Why Medini?

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Medini is slowly taking shape with the number of world-class companies setting up a base there. The pioneers include global research and consultancy firm Frost & Sullivan Malaysia Sdn Bhd; Parkway Pantai Ltd, a subsidiary of premium healthcare provider IHH Healthcare Bhd that established a hospital under the Gleneagles brand in Medini; and international serviced residences owner-operator The Ascott Ltd. These leading industry players say they chose to invest in Medini because of its strategic location, potential business opportunities, good connectivity, accessibility and infrastructure, and high quality of life that their employees and customers can enjoy in this township.

Frost & Sullivan Malaysia set up its second innovation centre there in 2012. The centre supports the research consultancy’s operations around the world and gives its employees the opportunity to work on global projects. Its first regional research centre was established in Kuala Lumpur in 2004.

“We had plans to open another global innovation centre to support our business. After a few sessions with various local government agencies, we decided to build our centre in Iskandar Malaysia and we picked Medini,” says Hazmi Yusof, managing director of Frost & Sullivan Malaysia.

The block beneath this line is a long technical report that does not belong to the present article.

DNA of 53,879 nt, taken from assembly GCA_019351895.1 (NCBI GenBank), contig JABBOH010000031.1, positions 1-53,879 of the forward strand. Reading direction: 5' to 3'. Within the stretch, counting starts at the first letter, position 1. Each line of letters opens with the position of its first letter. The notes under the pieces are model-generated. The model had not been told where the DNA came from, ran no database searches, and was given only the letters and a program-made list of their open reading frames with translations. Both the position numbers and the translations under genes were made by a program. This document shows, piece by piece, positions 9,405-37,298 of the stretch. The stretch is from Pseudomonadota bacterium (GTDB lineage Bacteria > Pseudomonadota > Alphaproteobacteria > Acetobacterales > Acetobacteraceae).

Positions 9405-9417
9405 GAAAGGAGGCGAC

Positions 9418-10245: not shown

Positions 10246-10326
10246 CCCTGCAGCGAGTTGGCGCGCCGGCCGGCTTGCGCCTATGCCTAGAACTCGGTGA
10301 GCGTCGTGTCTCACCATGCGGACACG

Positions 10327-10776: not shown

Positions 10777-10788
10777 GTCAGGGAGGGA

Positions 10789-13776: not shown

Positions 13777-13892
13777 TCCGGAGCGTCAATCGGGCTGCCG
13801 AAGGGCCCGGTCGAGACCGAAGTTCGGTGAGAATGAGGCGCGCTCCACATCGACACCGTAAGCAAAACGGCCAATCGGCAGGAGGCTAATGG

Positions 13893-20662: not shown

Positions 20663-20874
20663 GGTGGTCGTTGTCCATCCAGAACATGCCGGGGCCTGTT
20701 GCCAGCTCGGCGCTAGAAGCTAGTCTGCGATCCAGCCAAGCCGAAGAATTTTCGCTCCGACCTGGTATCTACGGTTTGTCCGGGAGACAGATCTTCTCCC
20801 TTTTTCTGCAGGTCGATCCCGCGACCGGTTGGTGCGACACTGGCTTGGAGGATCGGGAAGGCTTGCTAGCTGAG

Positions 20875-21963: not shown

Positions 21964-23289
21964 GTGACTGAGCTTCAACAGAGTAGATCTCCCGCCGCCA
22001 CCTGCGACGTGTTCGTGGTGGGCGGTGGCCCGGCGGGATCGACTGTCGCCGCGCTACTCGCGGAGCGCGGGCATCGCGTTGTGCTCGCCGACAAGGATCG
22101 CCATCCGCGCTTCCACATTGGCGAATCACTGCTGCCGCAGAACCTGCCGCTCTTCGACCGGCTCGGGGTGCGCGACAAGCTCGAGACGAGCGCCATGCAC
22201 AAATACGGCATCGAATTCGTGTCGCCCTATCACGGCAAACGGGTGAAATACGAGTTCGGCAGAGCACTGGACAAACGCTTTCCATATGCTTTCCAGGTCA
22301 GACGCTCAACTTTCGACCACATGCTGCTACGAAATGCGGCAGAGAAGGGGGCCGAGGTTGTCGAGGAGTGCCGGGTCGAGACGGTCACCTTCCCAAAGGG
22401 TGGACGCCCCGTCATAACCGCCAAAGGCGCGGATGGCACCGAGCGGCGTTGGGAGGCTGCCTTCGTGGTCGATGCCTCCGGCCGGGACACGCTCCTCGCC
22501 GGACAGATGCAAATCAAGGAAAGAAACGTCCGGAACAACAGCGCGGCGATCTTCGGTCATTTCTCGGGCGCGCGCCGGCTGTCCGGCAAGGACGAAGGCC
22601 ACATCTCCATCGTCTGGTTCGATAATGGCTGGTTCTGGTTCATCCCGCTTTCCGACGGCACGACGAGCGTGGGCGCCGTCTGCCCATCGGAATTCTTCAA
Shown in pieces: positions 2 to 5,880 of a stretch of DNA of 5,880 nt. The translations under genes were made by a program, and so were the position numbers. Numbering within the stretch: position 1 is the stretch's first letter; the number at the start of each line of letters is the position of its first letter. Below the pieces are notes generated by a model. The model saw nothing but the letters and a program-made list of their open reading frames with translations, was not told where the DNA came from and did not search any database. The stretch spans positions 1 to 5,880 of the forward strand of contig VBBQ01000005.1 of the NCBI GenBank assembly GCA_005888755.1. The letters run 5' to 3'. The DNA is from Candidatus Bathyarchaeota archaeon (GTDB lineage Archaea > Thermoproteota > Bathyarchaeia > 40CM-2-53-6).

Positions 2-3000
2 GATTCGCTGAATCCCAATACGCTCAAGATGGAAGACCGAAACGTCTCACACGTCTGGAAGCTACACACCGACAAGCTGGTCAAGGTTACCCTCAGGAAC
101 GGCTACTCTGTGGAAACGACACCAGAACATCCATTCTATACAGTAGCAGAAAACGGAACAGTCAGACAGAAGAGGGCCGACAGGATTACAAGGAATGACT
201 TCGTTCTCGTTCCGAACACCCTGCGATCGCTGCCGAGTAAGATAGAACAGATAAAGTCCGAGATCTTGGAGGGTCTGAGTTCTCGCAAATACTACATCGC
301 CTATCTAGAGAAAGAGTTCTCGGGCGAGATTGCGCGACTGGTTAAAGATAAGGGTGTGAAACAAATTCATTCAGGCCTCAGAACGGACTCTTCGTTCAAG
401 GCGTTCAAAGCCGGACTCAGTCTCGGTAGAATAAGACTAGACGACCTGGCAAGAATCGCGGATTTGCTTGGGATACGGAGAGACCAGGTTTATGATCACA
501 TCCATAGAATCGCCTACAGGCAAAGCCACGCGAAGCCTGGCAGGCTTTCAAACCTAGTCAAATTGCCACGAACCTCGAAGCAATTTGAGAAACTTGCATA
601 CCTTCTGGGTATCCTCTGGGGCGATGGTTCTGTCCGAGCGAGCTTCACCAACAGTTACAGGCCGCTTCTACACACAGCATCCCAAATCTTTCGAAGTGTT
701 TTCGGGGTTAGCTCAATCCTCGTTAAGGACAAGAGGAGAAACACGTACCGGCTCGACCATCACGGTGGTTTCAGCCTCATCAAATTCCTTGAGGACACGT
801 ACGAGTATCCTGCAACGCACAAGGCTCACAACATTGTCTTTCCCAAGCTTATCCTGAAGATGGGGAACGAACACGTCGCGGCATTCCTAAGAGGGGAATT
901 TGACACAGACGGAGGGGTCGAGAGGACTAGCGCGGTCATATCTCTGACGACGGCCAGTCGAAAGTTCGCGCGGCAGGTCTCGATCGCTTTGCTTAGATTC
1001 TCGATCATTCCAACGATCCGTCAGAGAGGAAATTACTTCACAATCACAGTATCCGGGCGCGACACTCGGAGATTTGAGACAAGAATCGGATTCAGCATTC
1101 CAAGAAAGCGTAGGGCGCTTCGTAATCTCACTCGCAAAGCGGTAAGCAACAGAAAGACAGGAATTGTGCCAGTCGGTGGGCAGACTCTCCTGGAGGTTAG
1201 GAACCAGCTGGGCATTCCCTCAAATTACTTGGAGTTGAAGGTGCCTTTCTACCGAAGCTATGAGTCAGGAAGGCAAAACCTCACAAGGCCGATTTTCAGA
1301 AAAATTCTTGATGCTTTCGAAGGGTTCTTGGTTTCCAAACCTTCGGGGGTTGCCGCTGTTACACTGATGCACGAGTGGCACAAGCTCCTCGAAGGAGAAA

The connectivity between Medini and Singapore was the main reason it decided to set up the centre in the township, he adds. “It is easy to access Singapore from Medini and vice versa. Another compelling reason is the way Medini was put together. It is designed for corporates to go beyond Malaysia and serve Asia. In other words, by being located in Medini, we have good access to international markets.

“We are in Medini for the long term. It is akin to Singapore because it gives us a platform to serve Asia-Pacific. Our global innovation centre in Medini is playing an increasingly important role in our operations and will become one of our key centres in the near future.”

Singapore-based serviced residences owner-operator The Ascott also saw Medini as a platform for targeting and serving the international market. Khairil Hafez Harith Yahya, residence manager of Somerset Medini Iskandar Puteri, says its development in Medini is within walking distance of Legoland Malaysia and Gleneagles Hospital Medini.

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“Our target market are vacationing families and holidaymakers. We are also looking at serving the medical tourism sector and see a number of guests coming from Malaysia, Singapore, Indonesia, India, China and the Middle East.